In 2007 the CEB endorsed the UN climate neutral strategy asking UN organizations to measure, reduce and ultimately offset UN GHG emission from facilities and operations.
In its Strategic Plan 2013-2016, the HLCM decided that “in considering innovative business models, HLCM will seek to achieve measurable progress to enhance environmental sustainability of UN operations”. To do so, it committed to “the development and implementation of environmental sustainability management systems in each organization” at a variable speed depending on the readiness of its individual members. HLCM requested UNEP to continue their work of coordination, and technical support, and to report to the HLCM on collective achievements and forward planning on behalf of the EMG.
In 2014 EMG and UNEP gathered resources to be able to provide at least part of the needed support to UN organizations in implementing such decisions: via a partnership with the Swedish Environmental Protection Agency, HLCM members will be able to benefit from the expertise, capacity building and tailored assistance for the implementation of environment management systems; EMG and UNEP also obtained funding from the Harmonized Business Practices trust fund for measuring and enhancing the resource efficiency of UN facilities and operations.
On the occasion of the September 2014 UN Climate Summit, Secretary General Ban Ki-moon sent a letter to all CEB members and UN funds and programmes indicating that “It is my expectation that the United Nations system reaches full compliance with the United Nations Climate Neutral Strategy and becomes effectively climate neutral by 2020 at the latest” . He explicitly tasked UNEP and UNFCCC to provide support to agencies in meeting the climate neutrality objectives.
The Committee reviewed for adoption the system-wide road map for UN climate neutrality by 2020 and the related goals towards enhancing environmental sustainability of UN operations.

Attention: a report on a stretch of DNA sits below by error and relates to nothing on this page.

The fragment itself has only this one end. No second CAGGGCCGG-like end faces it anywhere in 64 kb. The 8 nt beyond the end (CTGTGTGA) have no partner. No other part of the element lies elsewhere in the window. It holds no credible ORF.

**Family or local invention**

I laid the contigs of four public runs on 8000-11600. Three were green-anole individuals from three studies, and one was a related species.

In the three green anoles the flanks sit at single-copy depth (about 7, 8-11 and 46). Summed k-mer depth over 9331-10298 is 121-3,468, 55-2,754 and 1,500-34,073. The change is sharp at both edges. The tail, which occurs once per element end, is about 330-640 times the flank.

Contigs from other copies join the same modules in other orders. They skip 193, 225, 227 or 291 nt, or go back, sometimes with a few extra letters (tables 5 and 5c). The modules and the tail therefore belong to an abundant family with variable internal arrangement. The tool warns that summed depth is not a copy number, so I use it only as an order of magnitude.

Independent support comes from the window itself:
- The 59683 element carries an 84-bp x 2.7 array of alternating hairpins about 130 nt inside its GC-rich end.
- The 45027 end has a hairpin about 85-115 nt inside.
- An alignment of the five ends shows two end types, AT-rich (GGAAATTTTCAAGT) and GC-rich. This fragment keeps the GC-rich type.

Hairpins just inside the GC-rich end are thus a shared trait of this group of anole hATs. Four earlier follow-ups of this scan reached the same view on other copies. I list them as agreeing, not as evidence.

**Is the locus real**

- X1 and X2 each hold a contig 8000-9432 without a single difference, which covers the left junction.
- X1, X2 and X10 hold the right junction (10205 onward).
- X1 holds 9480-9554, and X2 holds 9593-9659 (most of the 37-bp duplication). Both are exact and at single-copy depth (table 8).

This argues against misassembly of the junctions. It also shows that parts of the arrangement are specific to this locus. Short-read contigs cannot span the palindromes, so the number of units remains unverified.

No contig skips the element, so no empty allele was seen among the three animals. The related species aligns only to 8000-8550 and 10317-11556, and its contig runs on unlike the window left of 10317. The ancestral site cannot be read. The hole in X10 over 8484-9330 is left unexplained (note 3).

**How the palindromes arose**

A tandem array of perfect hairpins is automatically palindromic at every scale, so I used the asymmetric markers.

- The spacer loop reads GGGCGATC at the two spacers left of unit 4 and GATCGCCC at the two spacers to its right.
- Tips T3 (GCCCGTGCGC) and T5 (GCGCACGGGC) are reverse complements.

In her introduction, the Chair underlined that the CEB endorsed climate neutrality in 2007 and, although there had been significant progress, the pace towards achieving that goal should increase. She reiterated the importance of partnerships and affirmed that that the full UN system needs to stand behind the Secretary General in emphasizing the objective of climate neu1rality and lead by example.
UNEP, as chair of the EMG, presented the background and highlights of the Action Plan, which would does provide for a prescribed way to reach climate neutrality by 2020, as no one size fits all. The Plan instead provides for approaches to measure and report on progress, including identification of baselines and targets (a component of the Plan funded by the HLCM HBP project), the identification of best practices for financing of sustainable measures, the allocation of responsibilities to EMG partners, and the budgetary assessment.
As an example of what can be done, and has been done, FAO presented its experience, primarily focused on facilities, but also accompanied by a culture change among staff, which has had an even greater impact on the environment. The importance of culture change was re-iterated by several other organizations during the discussion.
The discussion that followed provided numerous examples of what organizations have been able to achieve in the last few years in moving towards climate neutrality. Some of the initiatives mentioned included: improvements of facilities in conjunction with renovations, reductions in travel, use of public private partnerships, use of solar power, reduced printing, reduction in emissions from ships, and tracking of emissions. Based on these examples, the consensus of the Committee was that the UN system would certainly be able to reach climate neutrality by 2020, or even earlier, and that all of these initiatives positively affected the overall efficiency of operations.
Carbon offsets were mentioned as a one of the tools to reach the goal of climate neutrality. However, a concern was unanimously raised that the currently low carbon offset prices represented an easy avenue to reach climate neutrality. It was broadly agreed that, instead, organizations would need to focus on actual footprint reductions as the main tool to reach the goal.
The Committee re-iterated the commitment for the HLCM to be closely engaged in the process and agreed to continue being the body for EMG reporting and monitoring of progress. In this context, the Action Plan was unanimously endorsed.
In line with the 2007 UN Climate Neutrality Strategy and the Strategic Plan for Environmental Sustainability Management that was endorsed in 2013:
a) Committed to reach Climate Neutrality by 2020 through a combination of emission reduction initiatives and purchase of offsets; and b) Adopted the UN Roadmap towards Climate Neutrality by 2020.
Recognized that while carbon offsets are an important tool, focus should be placed on reducing the actual carbon footprint of the UN System.
To achieve these system-wide goals, HLCM members agreed to integrate the objective of “improved environmental sustainability of UN operations” in the respective programming of facilities and operations, including designing organization-specific action plans.